More off-road vehicle road access criticized in pitches to council

By Kirk Winter

Public shares differing views on off-road vehicle bylaw changes

Six local citizens took on the challenge of sharing with council — in just five minutes or less over Zoom — their views on ORV access to municipal roads in the south of the city. Five of them spoke out strongly against allowing more ORV access on city roads.

Their efforts earned the praise of deputy-mayor Patrick O’Reilly who said, “the deputations were well thought out and worthy of consideration.”

Kerrie Bartlett began the deputations advocating in favour of the ATV community’s request for municipal road access. Bartlett identified as “an avid ATV rider” and argued that “ATVing is part of the fabric of rural life in Kawartha Lakes.”

“There are many benefits to ATVing,” Bartlett said. “ATVing is good for both physical and mental health. The average age of ATVers in Kawartha Lakes is 55 and with access to their machines many older folks can access the great outdoors and enjoy nature.”

“ATVing equals freedom for me,” Bartlett added. “The places you will get to visit will put a smile on your face. If you build this connecting trail system tourists will come.”

Bartlett also shared with council that a petition favouring more access to municipal roads with 4,700 signatures would soon be uploaded to the city website.

Dr. Peter Petrosoniak presented next, arguing that the current bylaw limiting ATV road access to north of the Glenarm Road is adequate, and more roadways in the south of the city do not need to be opened up because of public health concerns.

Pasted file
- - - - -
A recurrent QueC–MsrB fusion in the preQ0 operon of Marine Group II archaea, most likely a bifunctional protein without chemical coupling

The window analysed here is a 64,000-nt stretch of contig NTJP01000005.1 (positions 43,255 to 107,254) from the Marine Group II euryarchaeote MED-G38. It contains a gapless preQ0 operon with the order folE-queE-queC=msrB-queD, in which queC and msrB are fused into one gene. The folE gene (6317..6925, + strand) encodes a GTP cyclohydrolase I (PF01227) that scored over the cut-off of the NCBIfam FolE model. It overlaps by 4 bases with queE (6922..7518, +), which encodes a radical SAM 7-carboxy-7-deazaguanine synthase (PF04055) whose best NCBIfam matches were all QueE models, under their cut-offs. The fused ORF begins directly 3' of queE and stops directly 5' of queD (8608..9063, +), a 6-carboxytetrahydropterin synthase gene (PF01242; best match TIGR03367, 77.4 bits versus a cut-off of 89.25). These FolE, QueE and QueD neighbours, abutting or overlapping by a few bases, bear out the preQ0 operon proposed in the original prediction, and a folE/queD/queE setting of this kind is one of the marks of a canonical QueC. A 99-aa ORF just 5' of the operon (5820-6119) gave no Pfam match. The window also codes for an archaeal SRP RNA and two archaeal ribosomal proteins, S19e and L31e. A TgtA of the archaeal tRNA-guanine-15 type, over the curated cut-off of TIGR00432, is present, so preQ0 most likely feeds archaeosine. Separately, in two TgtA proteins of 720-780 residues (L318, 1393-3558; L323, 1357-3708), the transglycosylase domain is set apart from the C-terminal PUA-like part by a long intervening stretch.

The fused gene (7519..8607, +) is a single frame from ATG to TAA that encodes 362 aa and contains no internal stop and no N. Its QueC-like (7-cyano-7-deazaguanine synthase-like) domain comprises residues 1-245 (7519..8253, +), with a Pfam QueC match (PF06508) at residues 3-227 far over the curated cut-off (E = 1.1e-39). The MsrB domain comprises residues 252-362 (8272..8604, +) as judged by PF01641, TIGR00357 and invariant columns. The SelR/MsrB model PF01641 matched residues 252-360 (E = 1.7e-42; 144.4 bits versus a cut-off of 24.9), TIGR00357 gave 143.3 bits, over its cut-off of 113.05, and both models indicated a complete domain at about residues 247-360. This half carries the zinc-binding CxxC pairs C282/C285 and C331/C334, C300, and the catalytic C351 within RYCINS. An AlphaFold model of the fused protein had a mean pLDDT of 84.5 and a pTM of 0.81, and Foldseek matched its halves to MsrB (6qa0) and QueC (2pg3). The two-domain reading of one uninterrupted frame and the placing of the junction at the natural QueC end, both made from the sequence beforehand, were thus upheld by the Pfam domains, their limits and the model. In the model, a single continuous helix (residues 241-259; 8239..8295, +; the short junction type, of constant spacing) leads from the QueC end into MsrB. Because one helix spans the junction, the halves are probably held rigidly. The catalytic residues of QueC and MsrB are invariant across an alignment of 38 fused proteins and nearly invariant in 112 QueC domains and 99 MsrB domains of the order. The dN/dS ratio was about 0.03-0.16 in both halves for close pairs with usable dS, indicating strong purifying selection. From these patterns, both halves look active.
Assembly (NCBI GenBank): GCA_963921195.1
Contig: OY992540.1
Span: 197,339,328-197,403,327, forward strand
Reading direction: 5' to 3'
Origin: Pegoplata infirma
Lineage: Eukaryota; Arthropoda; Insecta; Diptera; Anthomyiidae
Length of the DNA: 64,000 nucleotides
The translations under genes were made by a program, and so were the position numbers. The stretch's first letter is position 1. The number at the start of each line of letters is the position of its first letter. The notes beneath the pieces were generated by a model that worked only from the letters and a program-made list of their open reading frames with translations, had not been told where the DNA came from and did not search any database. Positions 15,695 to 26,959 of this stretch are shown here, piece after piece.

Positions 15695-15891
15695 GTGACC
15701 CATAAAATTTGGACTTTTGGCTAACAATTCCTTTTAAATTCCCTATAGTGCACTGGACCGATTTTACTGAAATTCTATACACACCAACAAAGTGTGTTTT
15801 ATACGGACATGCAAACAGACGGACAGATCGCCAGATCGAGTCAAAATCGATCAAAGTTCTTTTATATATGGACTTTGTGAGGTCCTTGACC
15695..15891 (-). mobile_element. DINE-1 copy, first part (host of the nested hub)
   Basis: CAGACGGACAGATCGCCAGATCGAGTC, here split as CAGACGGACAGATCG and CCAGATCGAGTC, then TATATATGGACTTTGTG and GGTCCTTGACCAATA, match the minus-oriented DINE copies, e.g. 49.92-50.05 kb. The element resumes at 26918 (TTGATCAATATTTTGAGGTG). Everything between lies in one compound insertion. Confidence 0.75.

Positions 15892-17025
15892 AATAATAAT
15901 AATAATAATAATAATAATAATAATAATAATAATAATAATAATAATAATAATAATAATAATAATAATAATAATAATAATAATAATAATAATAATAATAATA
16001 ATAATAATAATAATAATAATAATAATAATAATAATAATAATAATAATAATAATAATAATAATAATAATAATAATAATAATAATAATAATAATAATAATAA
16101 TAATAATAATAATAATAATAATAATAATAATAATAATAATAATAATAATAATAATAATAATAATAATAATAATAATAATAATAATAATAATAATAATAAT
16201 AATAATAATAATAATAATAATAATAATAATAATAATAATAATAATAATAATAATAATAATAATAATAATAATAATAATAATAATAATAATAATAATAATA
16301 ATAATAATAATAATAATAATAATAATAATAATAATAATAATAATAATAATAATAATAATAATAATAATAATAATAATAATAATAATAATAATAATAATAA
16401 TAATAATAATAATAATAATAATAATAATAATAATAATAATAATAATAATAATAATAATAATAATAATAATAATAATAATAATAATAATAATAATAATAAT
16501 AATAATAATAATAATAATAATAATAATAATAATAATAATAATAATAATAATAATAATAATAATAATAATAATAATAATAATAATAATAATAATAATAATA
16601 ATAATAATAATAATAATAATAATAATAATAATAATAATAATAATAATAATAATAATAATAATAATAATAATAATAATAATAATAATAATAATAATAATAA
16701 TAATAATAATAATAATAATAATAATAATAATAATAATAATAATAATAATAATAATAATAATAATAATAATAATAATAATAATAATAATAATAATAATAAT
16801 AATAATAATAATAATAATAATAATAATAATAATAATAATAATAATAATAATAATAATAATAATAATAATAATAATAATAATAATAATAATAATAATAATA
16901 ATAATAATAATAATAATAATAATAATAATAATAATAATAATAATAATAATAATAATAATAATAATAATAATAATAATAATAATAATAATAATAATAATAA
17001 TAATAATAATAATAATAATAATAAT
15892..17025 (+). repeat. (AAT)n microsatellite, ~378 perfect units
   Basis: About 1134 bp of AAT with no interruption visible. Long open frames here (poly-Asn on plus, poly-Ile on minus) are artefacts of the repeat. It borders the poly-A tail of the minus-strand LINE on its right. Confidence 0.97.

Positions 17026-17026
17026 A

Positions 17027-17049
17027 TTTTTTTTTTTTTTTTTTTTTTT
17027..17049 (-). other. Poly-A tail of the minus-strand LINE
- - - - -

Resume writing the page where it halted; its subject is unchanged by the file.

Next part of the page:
Petronsoniak said Haliburton Kawartha Pine Ridge District Health Unit opposes opening up any additional trails because of the number of reported ATV accidents in the region.

Petrosoniak reminded council of the concerns expressed by Director of Public Works Bryan Robinson, who reported that, “the shorter wheel bases typical of ATVs increase the risk of accidents.”

“Serious accidents with life threatening injuries and deaths are already far too commonplace,” Petrosoniak said. “Collisions will only get worse with more road usage. Public health has said very clearly they want no change in the current bylaw.”

Former councillor Heather Stauble agreed with Petrosoniak in her presentation, also mentioning issues of safety while agreeing that ATVs require no more access to municipal roads.

“In 2013, our health unit warned that ATVs were a significant source of injury and death for their users and are often involved in collisions with another vehicle. They recommended that council not implement a by-law that would allow road access for ATVs,” Stauble began.

“In 2021, HKPRDHU still believes that being on roadways increases the risk of collisions with other motor vehicles, and that design characteristics of these vehicles, particularly ATVs, make them unsafe for roadways,” Stauble continued.

Stauble reminded council that ATV manufacturers such as Polaris, Kawasaki, Yamaha and Honda all have warnings about operating “on any public street, road or highway, even dirt or gravel ones.”